“28. It is pertinent to mention here that admittedly, as is evident from the contents of the FIR [ie The allegation filed with the Police] and also the statements of the witnesses, there were 25-30 ladies present at the spot when the appellant allegedly passed blasphemous remarks against the Prophet Muhammad (Peace be Upon Him) however, none of the other ladies except Mafia Bibi (PW.2) and Asma Bibi (PW.3) reported the matter to anyone.”
One of the main pieces of prosecution evidence was a “confession” Asia Bibi was alleged to have made in front of a large gathering in her village: a confession which she adamantly denied during her trial. The Court, quite rightly, gave that “evidence” short shrift:
“42. … it is to be noted that this Court has repeatedly held that evidence of extra-judicial confession is a fragile piece of evidence and utmost care and caution has to be exercised in placing reliance on such a confession. It is always looked at with doubt and suspicion due to the ease with which it may be concocted. The legal worth of the extrajudicial confession is almost equal to naught.
44. In this very instant case, the appellant was brought to a gathering of potentially hundreds of people, she was alone at the time, tensions were running high, and it was an intimidating environment, the appellant may well have felt threatened and vulnerable; thus, the alleged extra-judicial confession made by the appellant, even if presumed to have been made by her before such public gathering, cannot be termed as a voluntary action and nor it can be relied upon to form the basis of a conviction, especially for capital punishment.”
In a concurring but separate judgment, Supreme Court Judge Khosa noted the following interesting point in Ms Bibi’s favour:
“23. (Minority judgment Judge Khosa) The statements made by Muhammad Idrees (CW1) and Muhammad Amin Bukhari, SP (Investigation) (PW6) before the trial court revealed that the alleged blasphemy had been committed by the Christian appellant after her Muslim co-workers had insulted the appellant’s religion and had injured her religious sensibilities only because she believed in and was a follower of Jesus Christ. According to the Holy Qur’an, a Muslim’s faith is not complete till he believes in all the Holy Prophets and Messengers of Almighty Allah including Jesus Christ (Isa son of Maryam) (Peace Be Upon Him) and all the revealed Holy Books of Almighty Allah including the Holy Bible. From that perspective insulting the appellant’s religion by her Muslim co-workers was no less blasphemous.”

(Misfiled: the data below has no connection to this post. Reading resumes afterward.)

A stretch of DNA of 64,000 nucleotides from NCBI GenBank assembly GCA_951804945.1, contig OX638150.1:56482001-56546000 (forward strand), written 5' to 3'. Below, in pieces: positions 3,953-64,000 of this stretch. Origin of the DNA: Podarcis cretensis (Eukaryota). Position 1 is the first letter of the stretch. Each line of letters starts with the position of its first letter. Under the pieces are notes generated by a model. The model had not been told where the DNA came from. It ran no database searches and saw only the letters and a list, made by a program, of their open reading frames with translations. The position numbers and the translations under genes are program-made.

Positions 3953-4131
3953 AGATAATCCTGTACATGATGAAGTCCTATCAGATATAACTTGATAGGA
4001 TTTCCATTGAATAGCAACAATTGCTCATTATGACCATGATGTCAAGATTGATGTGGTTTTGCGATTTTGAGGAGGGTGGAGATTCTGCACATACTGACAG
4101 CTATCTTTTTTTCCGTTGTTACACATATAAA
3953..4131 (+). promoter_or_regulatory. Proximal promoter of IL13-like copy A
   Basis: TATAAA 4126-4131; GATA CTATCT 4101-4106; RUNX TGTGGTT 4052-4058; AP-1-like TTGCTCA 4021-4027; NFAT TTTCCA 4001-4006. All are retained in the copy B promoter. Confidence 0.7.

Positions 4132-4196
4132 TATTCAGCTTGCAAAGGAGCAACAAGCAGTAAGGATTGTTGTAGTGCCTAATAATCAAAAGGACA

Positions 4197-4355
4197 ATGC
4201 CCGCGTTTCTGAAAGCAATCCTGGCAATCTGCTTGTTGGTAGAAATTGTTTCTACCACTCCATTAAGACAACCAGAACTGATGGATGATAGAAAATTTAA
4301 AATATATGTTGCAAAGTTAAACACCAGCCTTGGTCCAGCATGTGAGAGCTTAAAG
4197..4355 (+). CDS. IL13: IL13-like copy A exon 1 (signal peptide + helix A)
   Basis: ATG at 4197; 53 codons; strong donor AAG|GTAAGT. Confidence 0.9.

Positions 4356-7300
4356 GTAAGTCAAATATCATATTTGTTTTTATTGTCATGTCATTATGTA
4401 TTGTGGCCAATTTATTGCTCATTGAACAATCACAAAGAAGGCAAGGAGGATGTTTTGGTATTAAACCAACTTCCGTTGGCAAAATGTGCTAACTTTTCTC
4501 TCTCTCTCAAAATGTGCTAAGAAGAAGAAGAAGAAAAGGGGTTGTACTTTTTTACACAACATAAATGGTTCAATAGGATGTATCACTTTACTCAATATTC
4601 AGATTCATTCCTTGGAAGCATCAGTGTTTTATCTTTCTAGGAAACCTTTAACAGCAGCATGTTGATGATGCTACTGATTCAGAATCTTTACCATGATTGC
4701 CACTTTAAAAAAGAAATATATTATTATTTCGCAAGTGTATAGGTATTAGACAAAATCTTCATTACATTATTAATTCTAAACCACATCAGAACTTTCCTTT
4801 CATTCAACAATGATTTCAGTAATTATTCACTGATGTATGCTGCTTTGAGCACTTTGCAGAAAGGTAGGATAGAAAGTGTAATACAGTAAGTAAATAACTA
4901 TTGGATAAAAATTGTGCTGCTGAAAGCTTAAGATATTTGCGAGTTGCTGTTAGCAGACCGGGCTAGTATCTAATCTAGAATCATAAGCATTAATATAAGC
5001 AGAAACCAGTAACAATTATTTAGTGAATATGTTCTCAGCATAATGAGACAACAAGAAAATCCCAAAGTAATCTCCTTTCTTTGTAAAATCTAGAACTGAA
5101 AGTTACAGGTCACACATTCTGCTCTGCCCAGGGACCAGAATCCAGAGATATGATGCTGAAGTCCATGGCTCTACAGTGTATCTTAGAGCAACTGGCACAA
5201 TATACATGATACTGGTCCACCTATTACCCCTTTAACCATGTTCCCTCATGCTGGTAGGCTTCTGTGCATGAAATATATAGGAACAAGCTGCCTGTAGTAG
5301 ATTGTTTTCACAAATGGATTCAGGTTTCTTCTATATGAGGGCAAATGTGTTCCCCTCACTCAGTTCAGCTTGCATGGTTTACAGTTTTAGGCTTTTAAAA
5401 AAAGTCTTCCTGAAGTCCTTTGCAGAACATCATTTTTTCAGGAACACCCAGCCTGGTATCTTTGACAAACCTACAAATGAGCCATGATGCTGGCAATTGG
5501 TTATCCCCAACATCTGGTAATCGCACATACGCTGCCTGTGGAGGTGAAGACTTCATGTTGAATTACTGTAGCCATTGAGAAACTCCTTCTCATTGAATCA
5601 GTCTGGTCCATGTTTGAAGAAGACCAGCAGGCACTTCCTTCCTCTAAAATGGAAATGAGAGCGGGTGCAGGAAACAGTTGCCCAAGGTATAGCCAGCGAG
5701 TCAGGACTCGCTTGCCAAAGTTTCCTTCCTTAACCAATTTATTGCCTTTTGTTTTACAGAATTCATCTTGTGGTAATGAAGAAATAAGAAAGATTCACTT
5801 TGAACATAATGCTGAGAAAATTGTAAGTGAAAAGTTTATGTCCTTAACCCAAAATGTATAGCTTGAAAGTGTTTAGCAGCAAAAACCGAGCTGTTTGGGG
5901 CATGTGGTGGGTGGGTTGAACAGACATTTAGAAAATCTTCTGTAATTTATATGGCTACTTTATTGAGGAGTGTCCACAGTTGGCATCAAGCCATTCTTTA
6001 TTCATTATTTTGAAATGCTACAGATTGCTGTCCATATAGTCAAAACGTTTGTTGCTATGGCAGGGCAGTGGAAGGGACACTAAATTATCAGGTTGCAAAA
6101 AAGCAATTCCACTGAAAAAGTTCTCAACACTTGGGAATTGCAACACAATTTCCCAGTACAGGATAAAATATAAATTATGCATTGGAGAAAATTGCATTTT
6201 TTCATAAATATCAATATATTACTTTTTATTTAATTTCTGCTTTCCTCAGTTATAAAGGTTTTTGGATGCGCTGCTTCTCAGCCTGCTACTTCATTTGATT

Unfortunately, despite the clear judgment by the Pakistan Supreme Court the future and, indeed, the physical safety of Asia Bibi remains in doubt. Mobs are calling for her death and the Pakistani Government is clearly more intent on placating the mob than it is in enforcing the law. The Supreme Court Justices have themselves been threatened since their judgment and they must have been aware that they were placing themselves in danger when they cleared Asia Bibi. They deserve to be commended for doing their legal duty honourably.